ELMHURST – Local high school students Hansel Lopez, 18, and Rachael Harrison, 17, have attended Elmhurst College's Summer Academy in Math and Science for the past two years.
When asked why they have decided to keep coming back to the week-long program dedicated to exploring and encouraging STEM-related careers, they both answered they just liked to learn.
For Lopez, he said he sees the program's benefit when he heads back to school. The program serves as a review of key math and science concepts and formulas that are easily forgotten over the summer, he said.
Harrison, on the other hand, enjoys meeting and connecting with other students from different area high schools who are interested in those particular subjects. Getting to know other girls in the program has helped boost her confidence in pursuing her passion for science, which is "stereotypically" categorized as a boys' field, Harrison said.
Those are just a couple examples Evans Afenya, the program's director, hopes students take away from their experience.
In the last 20 years, Afenya, who is a math professor at Elmhurst College, has enlisted the help of close colleagues to build the curriculum for the academy with one goal in mind: How do we keep kids excited about math and science?
Afenya structured the curriculum to split into different daily workshops that include hour-long lessons in math, computer science, psychology, chemistry and biology.
Studies aside, Afenya also has crafted a program that brings in guest speakers to address other issues teens encounter like bullying, building relationships with friends and family, choosing the right college, knowing about financial aid, and chasing that dream job in science, technology, engineering or math.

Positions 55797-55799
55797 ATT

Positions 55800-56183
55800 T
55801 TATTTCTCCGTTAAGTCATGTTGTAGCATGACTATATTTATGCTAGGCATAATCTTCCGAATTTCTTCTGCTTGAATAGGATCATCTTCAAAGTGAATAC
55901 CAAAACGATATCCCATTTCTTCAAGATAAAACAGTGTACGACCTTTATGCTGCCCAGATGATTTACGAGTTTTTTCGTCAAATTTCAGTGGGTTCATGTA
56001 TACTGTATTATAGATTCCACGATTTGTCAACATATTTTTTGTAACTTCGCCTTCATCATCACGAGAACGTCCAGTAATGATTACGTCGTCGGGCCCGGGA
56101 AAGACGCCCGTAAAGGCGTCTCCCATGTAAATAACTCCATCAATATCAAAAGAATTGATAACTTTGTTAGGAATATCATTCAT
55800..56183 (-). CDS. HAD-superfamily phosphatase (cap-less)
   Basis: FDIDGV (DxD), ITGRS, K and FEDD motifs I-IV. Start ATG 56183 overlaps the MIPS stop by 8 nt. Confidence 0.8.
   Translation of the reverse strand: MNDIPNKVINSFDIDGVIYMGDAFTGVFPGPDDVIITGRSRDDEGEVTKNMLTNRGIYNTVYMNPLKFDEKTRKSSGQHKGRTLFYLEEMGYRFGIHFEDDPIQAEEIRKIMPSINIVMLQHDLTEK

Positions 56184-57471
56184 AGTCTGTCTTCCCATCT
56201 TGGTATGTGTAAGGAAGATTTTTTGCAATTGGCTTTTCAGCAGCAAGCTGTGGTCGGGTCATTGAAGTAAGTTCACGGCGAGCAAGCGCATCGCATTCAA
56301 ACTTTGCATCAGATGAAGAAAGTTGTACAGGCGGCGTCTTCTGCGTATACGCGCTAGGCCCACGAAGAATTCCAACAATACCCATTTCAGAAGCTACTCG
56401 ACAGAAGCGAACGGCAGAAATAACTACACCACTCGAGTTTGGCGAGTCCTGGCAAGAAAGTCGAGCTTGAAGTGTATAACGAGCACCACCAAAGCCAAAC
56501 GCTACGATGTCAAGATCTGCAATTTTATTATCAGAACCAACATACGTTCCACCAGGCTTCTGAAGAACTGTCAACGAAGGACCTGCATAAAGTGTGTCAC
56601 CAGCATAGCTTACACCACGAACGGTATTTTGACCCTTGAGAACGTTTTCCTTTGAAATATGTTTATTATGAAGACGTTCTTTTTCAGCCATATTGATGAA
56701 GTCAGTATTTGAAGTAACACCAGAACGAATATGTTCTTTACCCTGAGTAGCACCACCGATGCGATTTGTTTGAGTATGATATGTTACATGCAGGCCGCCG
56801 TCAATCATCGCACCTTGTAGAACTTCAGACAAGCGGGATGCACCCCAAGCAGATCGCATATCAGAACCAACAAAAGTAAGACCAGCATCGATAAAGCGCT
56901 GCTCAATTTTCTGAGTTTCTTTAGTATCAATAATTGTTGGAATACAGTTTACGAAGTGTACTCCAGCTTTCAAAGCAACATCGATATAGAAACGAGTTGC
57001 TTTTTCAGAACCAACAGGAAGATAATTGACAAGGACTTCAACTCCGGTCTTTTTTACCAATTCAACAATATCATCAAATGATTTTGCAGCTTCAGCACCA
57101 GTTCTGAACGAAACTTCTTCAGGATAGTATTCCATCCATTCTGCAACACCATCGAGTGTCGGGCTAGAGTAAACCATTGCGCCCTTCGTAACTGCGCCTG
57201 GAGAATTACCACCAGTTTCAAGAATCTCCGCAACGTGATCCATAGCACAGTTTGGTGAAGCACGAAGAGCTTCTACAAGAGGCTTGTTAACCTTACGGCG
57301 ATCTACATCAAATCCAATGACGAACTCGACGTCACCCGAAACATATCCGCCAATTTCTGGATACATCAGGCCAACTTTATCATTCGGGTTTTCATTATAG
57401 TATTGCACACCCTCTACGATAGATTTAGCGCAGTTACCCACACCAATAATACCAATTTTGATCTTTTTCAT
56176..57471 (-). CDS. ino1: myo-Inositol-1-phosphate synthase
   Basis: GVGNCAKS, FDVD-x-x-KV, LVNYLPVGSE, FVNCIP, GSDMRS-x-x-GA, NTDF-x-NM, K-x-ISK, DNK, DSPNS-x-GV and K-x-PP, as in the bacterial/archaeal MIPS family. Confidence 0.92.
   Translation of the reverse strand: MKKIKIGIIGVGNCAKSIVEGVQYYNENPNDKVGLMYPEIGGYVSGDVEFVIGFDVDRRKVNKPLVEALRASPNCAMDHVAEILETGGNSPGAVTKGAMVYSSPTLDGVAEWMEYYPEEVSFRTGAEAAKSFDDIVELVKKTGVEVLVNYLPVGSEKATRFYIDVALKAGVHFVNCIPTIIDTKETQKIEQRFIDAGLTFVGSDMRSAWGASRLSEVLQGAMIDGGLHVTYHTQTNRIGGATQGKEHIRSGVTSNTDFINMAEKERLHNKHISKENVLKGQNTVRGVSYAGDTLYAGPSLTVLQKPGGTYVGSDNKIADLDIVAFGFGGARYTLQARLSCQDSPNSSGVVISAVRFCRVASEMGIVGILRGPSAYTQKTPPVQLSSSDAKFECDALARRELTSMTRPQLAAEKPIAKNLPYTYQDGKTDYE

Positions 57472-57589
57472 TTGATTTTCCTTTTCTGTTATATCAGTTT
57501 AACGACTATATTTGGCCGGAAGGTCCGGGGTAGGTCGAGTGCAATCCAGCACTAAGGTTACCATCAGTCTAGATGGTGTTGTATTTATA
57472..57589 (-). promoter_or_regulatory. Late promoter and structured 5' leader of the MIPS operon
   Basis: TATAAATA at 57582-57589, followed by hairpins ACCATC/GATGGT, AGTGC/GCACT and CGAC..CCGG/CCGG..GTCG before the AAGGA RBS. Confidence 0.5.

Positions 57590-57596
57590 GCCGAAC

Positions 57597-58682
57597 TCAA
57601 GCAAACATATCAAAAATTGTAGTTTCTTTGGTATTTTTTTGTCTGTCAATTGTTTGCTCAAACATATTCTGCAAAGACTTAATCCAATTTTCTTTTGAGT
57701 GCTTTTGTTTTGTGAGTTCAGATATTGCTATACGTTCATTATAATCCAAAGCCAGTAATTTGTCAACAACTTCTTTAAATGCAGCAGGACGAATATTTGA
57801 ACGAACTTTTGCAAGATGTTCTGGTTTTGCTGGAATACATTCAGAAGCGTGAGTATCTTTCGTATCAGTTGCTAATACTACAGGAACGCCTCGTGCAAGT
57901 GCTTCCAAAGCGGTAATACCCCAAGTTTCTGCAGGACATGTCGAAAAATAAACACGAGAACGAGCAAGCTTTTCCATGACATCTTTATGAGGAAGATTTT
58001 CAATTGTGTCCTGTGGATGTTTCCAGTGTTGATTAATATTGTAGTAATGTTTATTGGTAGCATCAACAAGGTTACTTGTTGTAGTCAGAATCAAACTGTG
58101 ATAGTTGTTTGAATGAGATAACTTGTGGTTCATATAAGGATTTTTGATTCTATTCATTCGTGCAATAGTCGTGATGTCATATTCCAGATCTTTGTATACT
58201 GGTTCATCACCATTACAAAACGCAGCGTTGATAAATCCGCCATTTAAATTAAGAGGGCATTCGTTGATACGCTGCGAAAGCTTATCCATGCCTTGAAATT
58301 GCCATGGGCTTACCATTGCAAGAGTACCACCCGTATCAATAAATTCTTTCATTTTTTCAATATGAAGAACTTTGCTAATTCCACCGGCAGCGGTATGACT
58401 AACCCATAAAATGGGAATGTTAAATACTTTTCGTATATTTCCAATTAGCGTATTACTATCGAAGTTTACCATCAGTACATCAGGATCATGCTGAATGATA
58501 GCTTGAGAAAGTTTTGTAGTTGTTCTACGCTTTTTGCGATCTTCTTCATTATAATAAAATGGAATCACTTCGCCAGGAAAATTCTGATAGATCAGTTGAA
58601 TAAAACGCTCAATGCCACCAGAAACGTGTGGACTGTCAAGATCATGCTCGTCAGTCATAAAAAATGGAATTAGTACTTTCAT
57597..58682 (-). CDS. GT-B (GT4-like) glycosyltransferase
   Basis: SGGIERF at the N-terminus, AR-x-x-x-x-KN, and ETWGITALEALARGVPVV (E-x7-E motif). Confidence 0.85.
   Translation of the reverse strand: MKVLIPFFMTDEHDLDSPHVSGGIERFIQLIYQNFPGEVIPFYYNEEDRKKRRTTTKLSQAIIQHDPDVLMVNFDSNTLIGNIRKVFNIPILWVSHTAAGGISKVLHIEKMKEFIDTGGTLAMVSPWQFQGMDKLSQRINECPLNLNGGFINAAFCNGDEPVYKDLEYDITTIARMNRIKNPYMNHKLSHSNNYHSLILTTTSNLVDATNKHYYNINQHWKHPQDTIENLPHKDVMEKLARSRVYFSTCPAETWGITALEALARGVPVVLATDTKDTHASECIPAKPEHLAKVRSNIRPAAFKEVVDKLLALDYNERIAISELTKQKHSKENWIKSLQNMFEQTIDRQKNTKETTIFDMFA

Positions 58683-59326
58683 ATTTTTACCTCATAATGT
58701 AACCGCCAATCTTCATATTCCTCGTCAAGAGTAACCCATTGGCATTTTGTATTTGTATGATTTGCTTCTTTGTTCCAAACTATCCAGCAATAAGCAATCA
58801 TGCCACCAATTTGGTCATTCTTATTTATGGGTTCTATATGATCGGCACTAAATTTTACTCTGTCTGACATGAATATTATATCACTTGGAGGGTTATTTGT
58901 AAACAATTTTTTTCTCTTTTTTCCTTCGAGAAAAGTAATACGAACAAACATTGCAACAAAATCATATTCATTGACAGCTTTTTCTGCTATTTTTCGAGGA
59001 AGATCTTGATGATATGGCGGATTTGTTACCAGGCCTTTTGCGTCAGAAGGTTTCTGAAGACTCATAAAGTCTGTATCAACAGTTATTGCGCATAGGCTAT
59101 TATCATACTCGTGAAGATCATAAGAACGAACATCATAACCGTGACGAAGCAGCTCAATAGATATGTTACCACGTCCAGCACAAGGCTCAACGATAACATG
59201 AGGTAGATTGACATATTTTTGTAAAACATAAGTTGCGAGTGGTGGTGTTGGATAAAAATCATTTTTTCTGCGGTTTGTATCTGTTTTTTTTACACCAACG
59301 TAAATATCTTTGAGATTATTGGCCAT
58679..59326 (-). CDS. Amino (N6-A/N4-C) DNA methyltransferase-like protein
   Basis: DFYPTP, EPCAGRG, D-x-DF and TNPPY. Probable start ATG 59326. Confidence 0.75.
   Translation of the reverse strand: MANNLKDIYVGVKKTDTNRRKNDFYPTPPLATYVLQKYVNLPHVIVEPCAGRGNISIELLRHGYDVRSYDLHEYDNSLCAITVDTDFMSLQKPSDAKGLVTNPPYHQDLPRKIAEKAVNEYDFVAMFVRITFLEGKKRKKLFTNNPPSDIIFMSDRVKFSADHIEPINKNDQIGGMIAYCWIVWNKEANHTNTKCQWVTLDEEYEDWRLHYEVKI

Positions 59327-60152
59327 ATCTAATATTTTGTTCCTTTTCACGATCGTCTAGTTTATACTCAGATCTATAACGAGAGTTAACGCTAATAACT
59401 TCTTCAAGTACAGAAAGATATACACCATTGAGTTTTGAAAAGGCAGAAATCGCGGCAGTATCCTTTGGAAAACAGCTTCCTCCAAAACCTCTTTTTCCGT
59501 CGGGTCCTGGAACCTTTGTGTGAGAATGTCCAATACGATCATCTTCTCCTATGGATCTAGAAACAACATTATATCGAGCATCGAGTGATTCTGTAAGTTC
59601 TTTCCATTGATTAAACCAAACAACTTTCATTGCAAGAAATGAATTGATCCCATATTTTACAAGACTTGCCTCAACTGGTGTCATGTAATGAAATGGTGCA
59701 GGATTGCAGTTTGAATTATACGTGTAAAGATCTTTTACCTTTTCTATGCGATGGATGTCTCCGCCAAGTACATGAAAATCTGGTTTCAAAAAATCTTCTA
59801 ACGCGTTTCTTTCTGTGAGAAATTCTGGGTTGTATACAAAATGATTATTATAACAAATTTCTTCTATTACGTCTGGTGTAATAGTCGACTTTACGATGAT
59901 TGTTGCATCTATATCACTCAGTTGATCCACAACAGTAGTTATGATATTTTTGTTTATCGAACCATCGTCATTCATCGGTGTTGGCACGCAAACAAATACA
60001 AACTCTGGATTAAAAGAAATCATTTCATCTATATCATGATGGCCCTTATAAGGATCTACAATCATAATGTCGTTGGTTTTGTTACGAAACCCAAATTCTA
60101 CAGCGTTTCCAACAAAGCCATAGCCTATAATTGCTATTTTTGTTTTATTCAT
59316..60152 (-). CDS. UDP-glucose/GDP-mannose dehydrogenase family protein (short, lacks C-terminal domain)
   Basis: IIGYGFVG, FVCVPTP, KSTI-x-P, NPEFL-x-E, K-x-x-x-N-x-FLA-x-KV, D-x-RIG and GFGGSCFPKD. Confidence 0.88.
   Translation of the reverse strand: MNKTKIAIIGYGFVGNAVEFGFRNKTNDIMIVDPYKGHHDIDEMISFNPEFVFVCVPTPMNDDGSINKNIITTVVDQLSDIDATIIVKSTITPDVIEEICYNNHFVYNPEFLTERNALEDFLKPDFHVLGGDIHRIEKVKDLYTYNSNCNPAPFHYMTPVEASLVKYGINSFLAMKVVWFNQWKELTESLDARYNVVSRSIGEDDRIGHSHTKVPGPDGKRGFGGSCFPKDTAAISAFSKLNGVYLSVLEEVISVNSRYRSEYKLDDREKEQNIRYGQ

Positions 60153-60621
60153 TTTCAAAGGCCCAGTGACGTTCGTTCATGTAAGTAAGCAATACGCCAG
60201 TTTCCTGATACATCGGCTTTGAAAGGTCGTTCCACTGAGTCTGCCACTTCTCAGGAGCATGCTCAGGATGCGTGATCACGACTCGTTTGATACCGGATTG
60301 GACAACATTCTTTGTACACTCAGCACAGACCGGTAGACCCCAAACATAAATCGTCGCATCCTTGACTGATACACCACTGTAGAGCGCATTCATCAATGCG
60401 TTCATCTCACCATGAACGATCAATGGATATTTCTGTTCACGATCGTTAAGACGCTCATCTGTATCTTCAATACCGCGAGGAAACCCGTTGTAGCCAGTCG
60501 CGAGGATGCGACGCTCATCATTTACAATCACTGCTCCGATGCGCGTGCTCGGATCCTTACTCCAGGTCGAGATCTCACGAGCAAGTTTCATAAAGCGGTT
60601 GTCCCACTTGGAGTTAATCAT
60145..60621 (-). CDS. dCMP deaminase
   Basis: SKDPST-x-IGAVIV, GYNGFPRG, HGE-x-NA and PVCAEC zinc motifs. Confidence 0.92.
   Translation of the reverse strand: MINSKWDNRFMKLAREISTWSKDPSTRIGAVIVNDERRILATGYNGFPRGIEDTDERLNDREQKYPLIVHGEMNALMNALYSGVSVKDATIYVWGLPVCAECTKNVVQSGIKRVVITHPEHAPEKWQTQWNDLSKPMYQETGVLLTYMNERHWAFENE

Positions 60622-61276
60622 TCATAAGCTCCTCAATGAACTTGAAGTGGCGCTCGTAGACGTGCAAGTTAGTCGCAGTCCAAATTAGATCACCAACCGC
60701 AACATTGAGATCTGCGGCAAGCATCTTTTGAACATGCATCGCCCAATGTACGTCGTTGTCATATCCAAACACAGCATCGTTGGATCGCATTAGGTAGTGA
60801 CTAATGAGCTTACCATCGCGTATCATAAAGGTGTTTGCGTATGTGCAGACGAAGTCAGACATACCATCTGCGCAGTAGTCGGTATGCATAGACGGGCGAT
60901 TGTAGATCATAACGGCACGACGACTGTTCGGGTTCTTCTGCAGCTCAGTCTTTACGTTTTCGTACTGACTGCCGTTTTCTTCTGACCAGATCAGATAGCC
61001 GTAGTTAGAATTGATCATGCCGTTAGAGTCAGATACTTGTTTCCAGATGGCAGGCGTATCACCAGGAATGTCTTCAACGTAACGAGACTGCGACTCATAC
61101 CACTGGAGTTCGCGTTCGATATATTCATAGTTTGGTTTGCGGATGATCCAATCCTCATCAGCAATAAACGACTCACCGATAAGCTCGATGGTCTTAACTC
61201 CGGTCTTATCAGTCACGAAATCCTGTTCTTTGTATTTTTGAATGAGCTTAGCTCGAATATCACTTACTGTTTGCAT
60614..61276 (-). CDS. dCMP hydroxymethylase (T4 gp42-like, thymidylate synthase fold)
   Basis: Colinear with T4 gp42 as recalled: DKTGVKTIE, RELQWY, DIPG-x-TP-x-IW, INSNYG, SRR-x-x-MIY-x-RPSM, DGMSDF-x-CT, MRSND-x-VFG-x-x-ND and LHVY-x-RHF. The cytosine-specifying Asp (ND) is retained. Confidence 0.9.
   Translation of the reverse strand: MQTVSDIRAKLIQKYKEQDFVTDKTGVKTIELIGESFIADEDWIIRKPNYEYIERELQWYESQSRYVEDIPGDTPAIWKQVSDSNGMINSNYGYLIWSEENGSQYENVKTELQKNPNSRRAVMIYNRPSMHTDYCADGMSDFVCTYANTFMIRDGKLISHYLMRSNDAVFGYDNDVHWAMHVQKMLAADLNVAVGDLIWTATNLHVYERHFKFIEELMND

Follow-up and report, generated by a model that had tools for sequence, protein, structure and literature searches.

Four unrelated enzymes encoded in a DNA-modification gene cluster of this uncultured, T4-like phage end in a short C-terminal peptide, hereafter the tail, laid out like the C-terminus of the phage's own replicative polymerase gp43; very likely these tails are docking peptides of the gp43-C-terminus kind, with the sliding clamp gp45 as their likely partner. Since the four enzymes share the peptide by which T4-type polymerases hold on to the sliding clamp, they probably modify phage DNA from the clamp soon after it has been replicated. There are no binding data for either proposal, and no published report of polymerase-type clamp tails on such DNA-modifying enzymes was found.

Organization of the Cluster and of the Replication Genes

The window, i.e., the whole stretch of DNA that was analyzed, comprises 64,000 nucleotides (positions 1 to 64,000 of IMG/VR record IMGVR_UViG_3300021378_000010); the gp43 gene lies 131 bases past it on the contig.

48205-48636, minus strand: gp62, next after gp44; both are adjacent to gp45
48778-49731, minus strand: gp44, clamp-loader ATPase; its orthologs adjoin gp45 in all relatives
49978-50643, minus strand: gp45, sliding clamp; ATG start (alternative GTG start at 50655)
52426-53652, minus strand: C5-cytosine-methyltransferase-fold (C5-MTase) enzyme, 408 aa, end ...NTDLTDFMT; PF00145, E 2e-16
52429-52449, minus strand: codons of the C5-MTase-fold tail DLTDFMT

Of course, there is time in what sounds like a rigorous schedule for students to relax and be with their peers, Afenya said.
He added as a whole, the program seeks to create a space for students to take the time to understand what they are capable of doing and achieving.
Myrtle Castro, 23, is a former student of the academy and has regulary volunteered as a mentor to the students. Castro said what is unique about the program is it brings together teens from different high schools and social and financial backgrounds to learn about "opportunities they can seize" in math and science.
Afenya said this year, 25 junior and senior high school students were selected from 15 schools, including Proviso Math and Science Academy in Forest Park, DePaul College Prep in Chicago, Willowbrook High School in Villa Park, York Community High School in Elmhurst and Waukegan High School.
Computer science professor Linda Krause reflected on teaching students basic coding skills to build a web page. At face value, everyone uses the Internet on a daily basis, but to learn the language of coding to create and design that website is a whole other story, Krause said.
Lopez said with just that introduction, he is already hooked and hopes to take a class or two during the school year.
Taking a look back on the past two decades of the program, Afenya said the purpose of the summer academy is to ultimately provide students with the "right attitude" to "control the beasts" hidden within math and science.
Ultimately, if students do choose another path, they hope to have given them the curiosity to wonder and wander, Krause said.
For information on the Summer Academy in Math and Science, visit elmhurst.edu/summeracademy.